Sharing the Dharma with children

ch-7-1The family depicted in In the Garden of our Minds has two boisterous elementary school-aged children, Briana and Alex. Their parents try to incorporate Buddhist teachings and practices into everyday family life, whether discussing problems that have arisen at school or answering hard questions about life and death. Even though the family is Western, they practice a religion that has its origins in Asia. On this page, I’ve assembled some of our favorite children’s books and movies with themes relating either to Buddhism or the cultures of Buddhist Asian countries.

If you are looking for books to help parents and Dharma teachers share Buddhist practice and mindfulness with children, check out the resources listed at the bottom of the Practicing with Children page. I’ve also described some possible art and other family activities for celebrating the Lunar New Year on the Celebrating the Lunar New Year page. Enjoy trying everything out with your own family and if you have suggestions, please list them in the comments below!

Here are some of our favorite children’s books with Buddhist themes:

Prince Siddhartha: The Story of Buddha by Jonathan Landaw is a wonderful children’s book about the life of the historical Buddha. It is told in simple chapters with beautiful pictures and covers the major events in the life of the Buddha.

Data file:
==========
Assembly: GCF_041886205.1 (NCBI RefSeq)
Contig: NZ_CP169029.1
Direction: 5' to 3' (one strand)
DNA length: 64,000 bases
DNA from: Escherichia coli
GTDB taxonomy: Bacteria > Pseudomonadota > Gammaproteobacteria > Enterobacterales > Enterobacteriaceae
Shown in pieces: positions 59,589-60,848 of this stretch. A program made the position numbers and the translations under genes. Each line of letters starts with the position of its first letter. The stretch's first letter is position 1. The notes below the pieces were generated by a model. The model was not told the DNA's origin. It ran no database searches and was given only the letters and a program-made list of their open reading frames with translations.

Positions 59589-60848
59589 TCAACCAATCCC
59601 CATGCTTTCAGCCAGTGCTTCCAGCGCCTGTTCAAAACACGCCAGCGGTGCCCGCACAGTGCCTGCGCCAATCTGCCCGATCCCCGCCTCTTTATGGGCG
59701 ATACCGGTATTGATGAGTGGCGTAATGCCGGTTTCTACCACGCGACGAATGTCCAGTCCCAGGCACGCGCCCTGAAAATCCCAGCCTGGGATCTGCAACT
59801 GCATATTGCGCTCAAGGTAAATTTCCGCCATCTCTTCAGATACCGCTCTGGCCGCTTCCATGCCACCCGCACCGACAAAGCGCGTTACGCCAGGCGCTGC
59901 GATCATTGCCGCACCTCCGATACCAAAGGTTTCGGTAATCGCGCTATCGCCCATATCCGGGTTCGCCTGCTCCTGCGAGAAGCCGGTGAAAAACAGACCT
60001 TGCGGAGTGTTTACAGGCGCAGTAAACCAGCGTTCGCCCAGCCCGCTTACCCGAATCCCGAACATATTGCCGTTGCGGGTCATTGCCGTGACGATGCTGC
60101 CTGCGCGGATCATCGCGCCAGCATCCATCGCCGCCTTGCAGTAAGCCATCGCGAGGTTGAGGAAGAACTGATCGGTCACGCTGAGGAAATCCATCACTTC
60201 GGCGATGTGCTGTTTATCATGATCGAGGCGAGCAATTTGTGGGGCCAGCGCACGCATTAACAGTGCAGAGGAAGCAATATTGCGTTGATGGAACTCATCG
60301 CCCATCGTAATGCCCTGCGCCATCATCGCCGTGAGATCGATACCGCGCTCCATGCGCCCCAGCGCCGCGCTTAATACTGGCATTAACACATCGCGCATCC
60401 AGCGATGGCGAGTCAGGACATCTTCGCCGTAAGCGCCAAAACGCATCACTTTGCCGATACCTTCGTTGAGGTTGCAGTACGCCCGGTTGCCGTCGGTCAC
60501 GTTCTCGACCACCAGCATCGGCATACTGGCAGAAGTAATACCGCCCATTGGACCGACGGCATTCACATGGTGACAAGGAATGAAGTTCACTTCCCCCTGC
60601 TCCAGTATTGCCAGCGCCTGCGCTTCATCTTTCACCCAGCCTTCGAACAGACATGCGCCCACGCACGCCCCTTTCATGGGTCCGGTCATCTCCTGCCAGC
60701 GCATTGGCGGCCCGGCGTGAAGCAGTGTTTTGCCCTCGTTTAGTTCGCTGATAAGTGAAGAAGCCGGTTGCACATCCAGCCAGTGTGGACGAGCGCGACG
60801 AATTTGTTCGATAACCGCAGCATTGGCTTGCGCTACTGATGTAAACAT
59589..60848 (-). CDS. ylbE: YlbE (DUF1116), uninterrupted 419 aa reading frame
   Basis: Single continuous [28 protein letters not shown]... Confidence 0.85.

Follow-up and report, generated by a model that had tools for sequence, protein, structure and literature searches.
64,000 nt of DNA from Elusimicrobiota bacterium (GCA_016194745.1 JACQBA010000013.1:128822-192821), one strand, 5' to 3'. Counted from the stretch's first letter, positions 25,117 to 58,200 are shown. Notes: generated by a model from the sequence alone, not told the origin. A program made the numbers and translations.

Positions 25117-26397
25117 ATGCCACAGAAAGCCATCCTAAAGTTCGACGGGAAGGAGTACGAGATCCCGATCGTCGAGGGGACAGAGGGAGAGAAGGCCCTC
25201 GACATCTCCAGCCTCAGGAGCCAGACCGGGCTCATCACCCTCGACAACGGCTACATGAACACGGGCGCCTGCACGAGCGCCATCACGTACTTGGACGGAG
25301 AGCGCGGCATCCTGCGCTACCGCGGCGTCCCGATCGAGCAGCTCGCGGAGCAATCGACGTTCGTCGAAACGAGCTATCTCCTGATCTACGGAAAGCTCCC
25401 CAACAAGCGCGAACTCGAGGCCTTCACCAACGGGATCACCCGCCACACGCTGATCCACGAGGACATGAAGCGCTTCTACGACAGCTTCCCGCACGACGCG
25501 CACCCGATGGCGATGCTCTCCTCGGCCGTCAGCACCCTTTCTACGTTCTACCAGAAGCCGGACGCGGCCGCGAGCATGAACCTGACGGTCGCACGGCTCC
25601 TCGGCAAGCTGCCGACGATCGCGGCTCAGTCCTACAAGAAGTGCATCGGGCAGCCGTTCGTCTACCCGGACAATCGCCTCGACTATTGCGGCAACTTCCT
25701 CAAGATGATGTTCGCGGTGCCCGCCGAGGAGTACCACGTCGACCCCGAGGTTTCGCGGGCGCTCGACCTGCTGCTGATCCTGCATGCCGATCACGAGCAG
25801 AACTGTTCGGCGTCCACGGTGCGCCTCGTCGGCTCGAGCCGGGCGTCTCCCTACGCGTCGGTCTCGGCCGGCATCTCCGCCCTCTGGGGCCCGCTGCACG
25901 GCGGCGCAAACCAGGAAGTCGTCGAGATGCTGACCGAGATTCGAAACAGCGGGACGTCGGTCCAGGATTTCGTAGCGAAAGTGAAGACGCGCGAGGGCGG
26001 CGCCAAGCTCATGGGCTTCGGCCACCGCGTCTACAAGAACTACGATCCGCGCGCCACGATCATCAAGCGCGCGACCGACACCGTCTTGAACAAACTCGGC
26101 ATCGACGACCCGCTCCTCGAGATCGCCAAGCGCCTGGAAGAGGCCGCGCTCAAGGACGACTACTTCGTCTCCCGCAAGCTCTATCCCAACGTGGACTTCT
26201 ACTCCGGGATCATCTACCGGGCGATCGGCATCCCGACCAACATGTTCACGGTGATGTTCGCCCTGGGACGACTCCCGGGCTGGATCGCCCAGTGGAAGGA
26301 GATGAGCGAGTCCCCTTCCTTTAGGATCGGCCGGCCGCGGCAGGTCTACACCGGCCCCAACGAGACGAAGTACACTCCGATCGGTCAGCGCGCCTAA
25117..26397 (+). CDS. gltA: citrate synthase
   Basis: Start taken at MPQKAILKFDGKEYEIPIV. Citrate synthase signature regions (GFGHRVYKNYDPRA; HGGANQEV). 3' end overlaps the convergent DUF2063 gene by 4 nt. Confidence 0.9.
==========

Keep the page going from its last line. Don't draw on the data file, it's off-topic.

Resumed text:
Tales of the Golden Corpse by Sandra Benson is my favorite collection of traditional Tibetan folk tales. These are best suited for reading aloud or being read by older kids as the tales are presented in a chapter format without a lot of illustrations. These folk tales really capture Tibetan culture.

The Monkey King: A Superhero Tale of China, Retold from The Journey to the West (Ancient Fantasy) by Aaron Shepard. The Monkey King is sort of like the original Chinese superhero trickster, part of Chinese storytelling for more than 500 years. He’s always getting into trouble, but he’s got a great heart, and the Buddha knows just the way to teach him humility.

Basho and the Fox by Tim Myers. This is beautifully written and illustrated fairy tale starring the famous Japanese haiku master, Basho. The book both looks beautiful and tells a very clever story. Basho and the River Stones by the same author is also quite good and presents an excellent lesson about what has true value.

Demi has written several children’s picture books with Buddhist themes that we like, in particular The Empty Pot, which tells a story about an honest little boy who loves to grow flowers and an Emperor who values truth above all else.

The Three Questions by Jon Muth is not specifically Buddhist but has a very Buddhist feeling to it. It’s based on a story by Leo Tolstoy and answers 3 fundamental questions (“When is the best time to do things? Who is the most important one? What is the right thing to do?”) in a very Buddhist way: “There is only one important time, and that time is now. The most important one is always the one you are with. And the most important thing is to do good for the one who is standing at your side.”